David Barbella, Ph.D.

Associate professor of computer science

Email:[email protected]

Department: Computer science
Data science
Media and Communications

Program: 3-2 Pre-Engineering
Digital Arts applied minor

Location: Center for Science and Technology Room 215
801 National Road
Richmond, Indiana 47374

About me

I am interested in designing systems that allow computers to take advantage of natural language text. (“Natural languages” is what computer science people call human languages, like English or Spanish, to distinguish them from programming languages, like Python or C.) Understanding natural language allows computers to learn by reading things that were written for people, instead of requiring an expert to convert the knowledge into a form the computer can understand. It also makes it easier for people to communicate with a machine.

I enjoy working with students with all levels of experience in computing, both inside and outside of my areas of research focus.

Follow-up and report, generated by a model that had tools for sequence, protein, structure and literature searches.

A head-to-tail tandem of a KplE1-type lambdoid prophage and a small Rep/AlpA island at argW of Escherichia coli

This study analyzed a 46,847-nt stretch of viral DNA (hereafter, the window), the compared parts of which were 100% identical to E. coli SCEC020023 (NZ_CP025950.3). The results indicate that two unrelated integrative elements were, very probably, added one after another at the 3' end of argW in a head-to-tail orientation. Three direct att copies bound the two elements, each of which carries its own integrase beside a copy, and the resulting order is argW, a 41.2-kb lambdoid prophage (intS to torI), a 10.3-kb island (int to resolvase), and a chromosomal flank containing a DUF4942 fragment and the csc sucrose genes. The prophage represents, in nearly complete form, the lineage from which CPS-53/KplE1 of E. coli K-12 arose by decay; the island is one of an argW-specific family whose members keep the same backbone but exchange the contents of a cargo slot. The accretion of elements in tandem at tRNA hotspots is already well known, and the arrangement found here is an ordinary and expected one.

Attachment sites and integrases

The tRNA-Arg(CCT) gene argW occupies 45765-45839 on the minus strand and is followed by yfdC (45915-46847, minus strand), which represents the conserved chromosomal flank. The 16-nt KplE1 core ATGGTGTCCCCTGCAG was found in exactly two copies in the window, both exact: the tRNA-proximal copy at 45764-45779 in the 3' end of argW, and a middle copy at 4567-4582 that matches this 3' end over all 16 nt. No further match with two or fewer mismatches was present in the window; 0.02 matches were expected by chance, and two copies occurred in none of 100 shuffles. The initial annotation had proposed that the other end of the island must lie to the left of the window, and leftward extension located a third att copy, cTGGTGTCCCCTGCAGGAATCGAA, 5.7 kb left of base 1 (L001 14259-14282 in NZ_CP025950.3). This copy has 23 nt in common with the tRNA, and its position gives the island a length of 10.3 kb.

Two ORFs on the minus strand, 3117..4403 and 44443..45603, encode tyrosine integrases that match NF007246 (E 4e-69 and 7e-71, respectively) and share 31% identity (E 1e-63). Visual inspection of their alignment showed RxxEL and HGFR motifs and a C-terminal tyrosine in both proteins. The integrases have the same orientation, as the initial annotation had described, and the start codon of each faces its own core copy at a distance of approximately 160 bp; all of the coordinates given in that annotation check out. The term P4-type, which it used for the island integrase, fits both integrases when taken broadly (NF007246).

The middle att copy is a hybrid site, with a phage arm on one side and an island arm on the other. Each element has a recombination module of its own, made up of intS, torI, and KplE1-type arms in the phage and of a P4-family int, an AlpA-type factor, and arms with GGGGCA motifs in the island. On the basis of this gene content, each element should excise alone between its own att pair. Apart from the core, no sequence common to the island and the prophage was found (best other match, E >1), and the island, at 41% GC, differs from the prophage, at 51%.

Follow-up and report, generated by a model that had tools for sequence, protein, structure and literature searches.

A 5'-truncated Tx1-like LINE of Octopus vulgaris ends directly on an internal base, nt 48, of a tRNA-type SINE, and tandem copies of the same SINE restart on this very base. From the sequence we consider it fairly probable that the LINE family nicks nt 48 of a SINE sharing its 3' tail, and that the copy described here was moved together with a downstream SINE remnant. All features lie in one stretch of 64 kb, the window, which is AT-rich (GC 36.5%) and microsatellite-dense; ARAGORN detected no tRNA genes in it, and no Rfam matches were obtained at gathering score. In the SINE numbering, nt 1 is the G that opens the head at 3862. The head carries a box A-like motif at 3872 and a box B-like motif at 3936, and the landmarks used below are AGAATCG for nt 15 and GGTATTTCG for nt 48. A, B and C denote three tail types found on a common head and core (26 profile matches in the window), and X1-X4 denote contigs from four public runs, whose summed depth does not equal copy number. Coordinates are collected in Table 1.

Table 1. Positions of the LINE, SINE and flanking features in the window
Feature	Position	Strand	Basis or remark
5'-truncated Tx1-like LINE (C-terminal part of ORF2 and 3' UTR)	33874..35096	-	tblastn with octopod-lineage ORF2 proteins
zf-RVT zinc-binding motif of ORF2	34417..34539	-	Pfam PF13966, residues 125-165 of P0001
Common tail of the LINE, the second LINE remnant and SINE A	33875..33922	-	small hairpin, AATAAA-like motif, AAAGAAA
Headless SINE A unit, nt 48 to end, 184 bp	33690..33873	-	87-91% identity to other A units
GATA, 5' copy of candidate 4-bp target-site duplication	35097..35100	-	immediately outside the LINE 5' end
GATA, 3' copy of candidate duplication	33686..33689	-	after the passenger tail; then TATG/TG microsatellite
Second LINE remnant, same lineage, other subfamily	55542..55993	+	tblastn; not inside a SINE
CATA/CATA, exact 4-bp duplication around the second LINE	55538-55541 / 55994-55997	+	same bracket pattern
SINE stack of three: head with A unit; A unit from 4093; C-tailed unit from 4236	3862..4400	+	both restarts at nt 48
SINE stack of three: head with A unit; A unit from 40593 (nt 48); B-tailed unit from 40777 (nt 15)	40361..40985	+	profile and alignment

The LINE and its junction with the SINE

• M.S., Northwestern University
  • B.A., Carleton College

Scholarly interest

  • Artificial intelligence
  • Natural language understanding
  • Cognitive systems
  • Cognitive modeling
  • Learning by reading
  • Analogy
  • Structure-mapping
  • Semantic disambiguation

Published works

Barbella, D. and Forbus, K. (2015). Exploiting Connectivity for Case Construction in Learning by Reading.  Proceedings of the Third Annual Conference on Advances in Cognitive Systems.

Barbella, D. and Forbus, K. (2013). Analogical Word Sense Disambiguation.  Advances in Cognitive Systems, 2:297-315.

Friedman, S., Barbella, D., and Forbus, K. (2012). Revising Domain Knowledge with Cross-Domain Analogy.  Advances in Cognitive Systems, 2, 13-24.

Barbella, D. and Forbus, K. (2011). Analogical Dialogue Acts: Supporting Learning by Reading Analogies in Instructional Texts. Proceedings of the Twenty-Fifth AAAI Conference on Artificial Intelligence (AAAI 2011), San Francisco, CA.

We continue to monitor the effects of an industrial fire 1.1 miles from campus.
We continue to monitor the effects of an industrial fire 1.1 miles from campus.